Canada’s growth customer for natural gas made a long stride forward Thursday, when the National Energy Board (NEB) approved a 590,000 b/d pipeline expansion for oilsands exports to Asia.

The ruling in favor of the US$5.5 billion addition to Kinder Morgan Canada’s 63-year-old Trans Mountain Pipeline signaled a historic turn away from Canadian reliance on land routes into the United States.

The increase in the line’s total capacity to 890,000 b/d and the new focus on overseas sales are forecast to raise oil revenues by C$73.5 billion (US$56 billion) over 20 years — and gas producers are expected to share in the gains.

Use of gas as fuel by thermal oilsands complexes and their power plants will rise 70% to 3.9 Bcf/d from 2.3 Bcf/d, the Alberta Energy Regulator said in the newly issued 2016 edition of its annual provincial reserves inventory and forecast.

The NEB decision accepted predictions that oilsands output will keep on climbing, as foreseen by an array of industry and provincial agencies that disagree only on the pace of increase and not on the eventual outcome.

The project sponsors expect total Canadian output of all crude types to climb to 6.9 million b/d from 4 million b/d in 2015. Shale and tight oil are forecast to play a role. But oilsands will be the star performer, doubling to 4.8 million b/d from the 2015 average of 2.4 million b/d.

The NEB tacked 157 safety, engineering, environmental and financial conditions onto the Trans Mountain approval. But the board rejected environmentalist demands to scrap the oil expansion on grounds that fossil fuels are flickering out and a new green energy era is at hand.

“Regarding the evidence and argument of some parties that there is no need for the project because of likely future competition from wind, solar and other renewable energy, the board finds such positions were not supported by credible evidence,” the ruling said.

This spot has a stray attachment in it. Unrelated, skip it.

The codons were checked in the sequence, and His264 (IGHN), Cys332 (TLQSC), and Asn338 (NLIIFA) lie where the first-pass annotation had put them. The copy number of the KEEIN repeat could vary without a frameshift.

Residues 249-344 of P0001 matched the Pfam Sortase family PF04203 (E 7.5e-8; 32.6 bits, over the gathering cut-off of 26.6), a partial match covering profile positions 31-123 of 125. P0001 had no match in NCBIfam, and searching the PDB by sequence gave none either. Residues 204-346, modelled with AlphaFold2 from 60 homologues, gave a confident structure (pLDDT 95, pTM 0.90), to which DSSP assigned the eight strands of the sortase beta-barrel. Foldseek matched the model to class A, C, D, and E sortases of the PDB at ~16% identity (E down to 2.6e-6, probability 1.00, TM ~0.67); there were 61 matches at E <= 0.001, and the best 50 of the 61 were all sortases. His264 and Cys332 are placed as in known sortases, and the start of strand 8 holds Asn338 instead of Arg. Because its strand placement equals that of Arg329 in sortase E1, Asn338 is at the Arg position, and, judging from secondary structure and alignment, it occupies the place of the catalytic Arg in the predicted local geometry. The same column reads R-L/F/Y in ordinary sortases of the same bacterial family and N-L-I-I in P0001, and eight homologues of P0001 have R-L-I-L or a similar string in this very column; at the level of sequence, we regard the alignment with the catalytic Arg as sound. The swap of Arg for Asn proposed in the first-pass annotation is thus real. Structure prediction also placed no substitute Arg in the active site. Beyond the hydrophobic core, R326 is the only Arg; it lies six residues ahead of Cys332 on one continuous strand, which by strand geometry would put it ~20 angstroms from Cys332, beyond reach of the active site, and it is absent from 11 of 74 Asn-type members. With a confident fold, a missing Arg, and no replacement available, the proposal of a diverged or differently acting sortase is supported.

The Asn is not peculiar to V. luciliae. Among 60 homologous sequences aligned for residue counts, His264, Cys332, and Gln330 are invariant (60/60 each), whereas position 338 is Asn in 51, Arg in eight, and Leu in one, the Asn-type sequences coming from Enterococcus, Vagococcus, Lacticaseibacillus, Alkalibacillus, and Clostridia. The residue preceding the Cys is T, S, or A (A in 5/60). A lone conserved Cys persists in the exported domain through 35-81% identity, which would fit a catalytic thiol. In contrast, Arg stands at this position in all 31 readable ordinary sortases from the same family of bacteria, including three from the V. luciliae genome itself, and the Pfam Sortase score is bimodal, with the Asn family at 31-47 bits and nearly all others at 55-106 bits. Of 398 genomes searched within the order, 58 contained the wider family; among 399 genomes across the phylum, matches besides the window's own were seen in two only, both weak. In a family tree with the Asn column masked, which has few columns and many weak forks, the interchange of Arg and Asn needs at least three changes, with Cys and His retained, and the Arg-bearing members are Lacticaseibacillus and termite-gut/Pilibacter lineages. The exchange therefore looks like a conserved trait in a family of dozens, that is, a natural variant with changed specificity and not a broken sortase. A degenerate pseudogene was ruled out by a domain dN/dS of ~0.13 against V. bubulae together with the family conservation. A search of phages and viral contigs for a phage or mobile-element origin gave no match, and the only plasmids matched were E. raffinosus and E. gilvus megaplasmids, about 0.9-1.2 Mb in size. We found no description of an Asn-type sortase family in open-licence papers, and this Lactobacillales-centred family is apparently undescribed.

“Renewable energy will be increasingly important in the years ahead. However…world demand for oil is likely to continue to increase over the next 20 years. It is possible there could be some modifications in policies around the world. However, this is not expected to materially change the continued global dependence on oil.”

Rather than theories about the future of carbon-based fuels as determined by as yet unknown global economic policies, the Canadian test of need for a pipeline is still the market for transportation services. The Trans Mountain capacity addition is supported by 15- to 20-year delivery contracts with 13 major oil producers, the NEB said.

The increased traffic on the line’s 1,180-kilometer (732-mile) route to a Pacific Coast tanker dock at Vancouver from the Alberta capital of Edmonton is aimed primarily at China, Japan, South Korea and Taiwan.

Forecast producer revenue gains are credited to anticipated reduction of price discounting on glutted northern U.S. markets for Canadian oil — a commercial headache known as the “bitumen bubble” – as well as to growth in overall sales volumes.

Canadian industry and government leaders describe the Trans Mountain expansion as an essential national economic strategy shift, partly driven by U.S. President Barack Obama’s rejection of TransCanada Corp.’s proposed Keystone XL conduit across the U.S. to the Gulf of Mexico (see Shale Daily, Jan. 7).

The project still has to go through a Canadian counterpart to the U.S. political resistance that industry blamed for Obama’s decision. The Trans Mountain expansion will go through the first run of a formal arena that the fledgling Liberal government in Ottawa has created to review larger, more ideological aboriginal and environmental objections to energy schemes than the law court-like NEB has a mandate to handle.

A tribunal of specialists, especially steeped in native rights and culture, has been appointed, directed to hold a review and hearings across Canada, and report by November to the federal cabinet, which must ratify NEB rulings to put them into force.